- represent given or collected categorical data in tables, column graphs and picture graphs

Then in the science and technology syllabus it states that students:

- use a range of methods including tables and simple column graphs to represent data.

So why teach them twice, in isolation? Other learning areas, like science and technology, provide the contexts for which mathematical concepts can be applied.

Making connections within the mathematics syllabus is also another teaching strategy to combat the idea that “there is too much to cover”. Mathematics itself builds on foundational skills in number, often referred to as Number Sense. Without number sense, many students will find it difficult to understand more complex concepts as there is no base knowledge to build on. When speaking to one of my secondary colleagues she talked about the importance of students having foundations knowledge of the four operations and fractions and decimals when starting high school, “the rest I can teach them!” (if needed, in a shorter time to catch them up). These foundational concepts should be given more time in your sequence of teaching, most other concepts build on, or from these.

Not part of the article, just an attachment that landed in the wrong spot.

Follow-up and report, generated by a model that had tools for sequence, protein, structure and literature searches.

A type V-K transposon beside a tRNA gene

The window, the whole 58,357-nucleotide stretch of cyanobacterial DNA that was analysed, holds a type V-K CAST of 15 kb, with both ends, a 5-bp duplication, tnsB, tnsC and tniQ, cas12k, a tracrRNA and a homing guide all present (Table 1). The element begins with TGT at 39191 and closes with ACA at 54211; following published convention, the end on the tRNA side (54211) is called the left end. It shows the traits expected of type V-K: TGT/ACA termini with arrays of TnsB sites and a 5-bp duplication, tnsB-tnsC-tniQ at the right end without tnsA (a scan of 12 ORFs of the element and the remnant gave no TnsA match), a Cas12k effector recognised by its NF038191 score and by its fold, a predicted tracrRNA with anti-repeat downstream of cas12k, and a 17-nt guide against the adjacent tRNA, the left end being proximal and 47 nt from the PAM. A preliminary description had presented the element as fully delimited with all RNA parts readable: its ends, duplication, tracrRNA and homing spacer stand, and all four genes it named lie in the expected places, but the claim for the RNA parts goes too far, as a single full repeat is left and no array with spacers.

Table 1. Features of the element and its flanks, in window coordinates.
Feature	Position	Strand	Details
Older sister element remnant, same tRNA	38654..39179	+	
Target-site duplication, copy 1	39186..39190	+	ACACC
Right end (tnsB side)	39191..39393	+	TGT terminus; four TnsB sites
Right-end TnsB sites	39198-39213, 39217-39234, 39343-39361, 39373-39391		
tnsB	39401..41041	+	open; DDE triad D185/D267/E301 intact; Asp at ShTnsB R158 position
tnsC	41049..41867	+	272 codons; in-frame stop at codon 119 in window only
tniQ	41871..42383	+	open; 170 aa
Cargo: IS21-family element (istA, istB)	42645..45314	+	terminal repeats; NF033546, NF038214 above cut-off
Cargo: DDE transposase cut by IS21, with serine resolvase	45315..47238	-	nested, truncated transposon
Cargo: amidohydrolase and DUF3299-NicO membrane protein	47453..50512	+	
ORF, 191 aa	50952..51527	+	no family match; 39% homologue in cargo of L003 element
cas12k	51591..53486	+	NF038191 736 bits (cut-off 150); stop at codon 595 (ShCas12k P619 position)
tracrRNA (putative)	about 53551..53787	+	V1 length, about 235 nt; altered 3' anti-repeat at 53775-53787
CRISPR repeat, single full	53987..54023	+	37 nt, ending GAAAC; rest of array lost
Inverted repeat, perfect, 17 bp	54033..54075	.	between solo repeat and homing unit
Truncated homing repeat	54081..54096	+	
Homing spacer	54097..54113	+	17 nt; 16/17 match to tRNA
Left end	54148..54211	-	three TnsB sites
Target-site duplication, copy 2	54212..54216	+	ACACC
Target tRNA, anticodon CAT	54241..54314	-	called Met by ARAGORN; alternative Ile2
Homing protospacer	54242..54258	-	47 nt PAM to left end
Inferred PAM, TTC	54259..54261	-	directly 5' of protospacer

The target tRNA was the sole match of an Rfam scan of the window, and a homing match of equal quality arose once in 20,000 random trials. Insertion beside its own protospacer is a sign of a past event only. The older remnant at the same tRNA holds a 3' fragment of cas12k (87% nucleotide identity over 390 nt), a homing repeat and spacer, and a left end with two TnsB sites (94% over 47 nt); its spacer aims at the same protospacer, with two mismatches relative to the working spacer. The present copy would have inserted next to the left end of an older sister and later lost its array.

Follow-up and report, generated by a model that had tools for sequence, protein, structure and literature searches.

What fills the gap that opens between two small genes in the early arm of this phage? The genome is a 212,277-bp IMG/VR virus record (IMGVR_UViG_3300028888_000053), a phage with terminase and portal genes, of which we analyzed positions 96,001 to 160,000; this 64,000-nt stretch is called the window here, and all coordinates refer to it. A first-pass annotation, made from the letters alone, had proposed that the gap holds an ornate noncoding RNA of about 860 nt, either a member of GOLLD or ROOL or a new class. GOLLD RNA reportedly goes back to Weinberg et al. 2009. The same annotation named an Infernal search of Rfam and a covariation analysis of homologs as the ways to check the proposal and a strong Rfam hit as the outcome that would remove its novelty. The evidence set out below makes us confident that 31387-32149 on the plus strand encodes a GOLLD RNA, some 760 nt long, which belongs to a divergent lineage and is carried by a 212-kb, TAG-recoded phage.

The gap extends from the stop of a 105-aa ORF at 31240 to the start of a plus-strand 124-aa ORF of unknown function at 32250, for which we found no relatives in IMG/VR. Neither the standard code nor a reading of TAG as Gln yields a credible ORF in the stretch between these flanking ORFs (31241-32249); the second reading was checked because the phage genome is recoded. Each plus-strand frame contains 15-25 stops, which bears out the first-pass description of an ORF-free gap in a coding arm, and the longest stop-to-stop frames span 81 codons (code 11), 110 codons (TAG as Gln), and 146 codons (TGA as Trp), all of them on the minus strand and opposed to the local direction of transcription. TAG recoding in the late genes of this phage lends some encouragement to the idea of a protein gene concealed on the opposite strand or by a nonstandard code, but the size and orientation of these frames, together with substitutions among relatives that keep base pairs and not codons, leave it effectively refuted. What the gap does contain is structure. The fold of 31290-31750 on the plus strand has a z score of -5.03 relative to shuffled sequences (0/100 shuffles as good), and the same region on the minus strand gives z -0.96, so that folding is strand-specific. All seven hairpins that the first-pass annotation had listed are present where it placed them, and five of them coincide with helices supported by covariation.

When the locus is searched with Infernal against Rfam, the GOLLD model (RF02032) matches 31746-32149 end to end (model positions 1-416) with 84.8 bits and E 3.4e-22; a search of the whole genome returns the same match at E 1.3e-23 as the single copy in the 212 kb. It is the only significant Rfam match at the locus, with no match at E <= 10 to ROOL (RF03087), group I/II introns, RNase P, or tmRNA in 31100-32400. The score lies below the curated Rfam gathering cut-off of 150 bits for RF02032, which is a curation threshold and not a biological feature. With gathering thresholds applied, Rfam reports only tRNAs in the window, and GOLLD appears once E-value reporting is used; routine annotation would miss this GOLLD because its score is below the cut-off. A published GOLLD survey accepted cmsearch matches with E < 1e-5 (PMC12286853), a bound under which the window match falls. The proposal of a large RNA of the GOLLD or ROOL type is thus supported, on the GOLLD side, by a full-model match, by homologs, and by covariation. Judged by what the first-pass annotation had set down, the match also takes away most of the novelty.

Visualising the connections in mathematics as mind maps, flow charts, infographics, connected webs or networks (see example reference links at the end of the blog) can be a useful way to assist you in planning your teaching sequences and making connections clearer for students in your class. Here are a few ideas for the connections that can be made and therefore these outcomes can be taught simultaneously or at least in a sequential manner.

### Early Stage 1

#### Connecting whole numbers, patterns and algebra, 2D space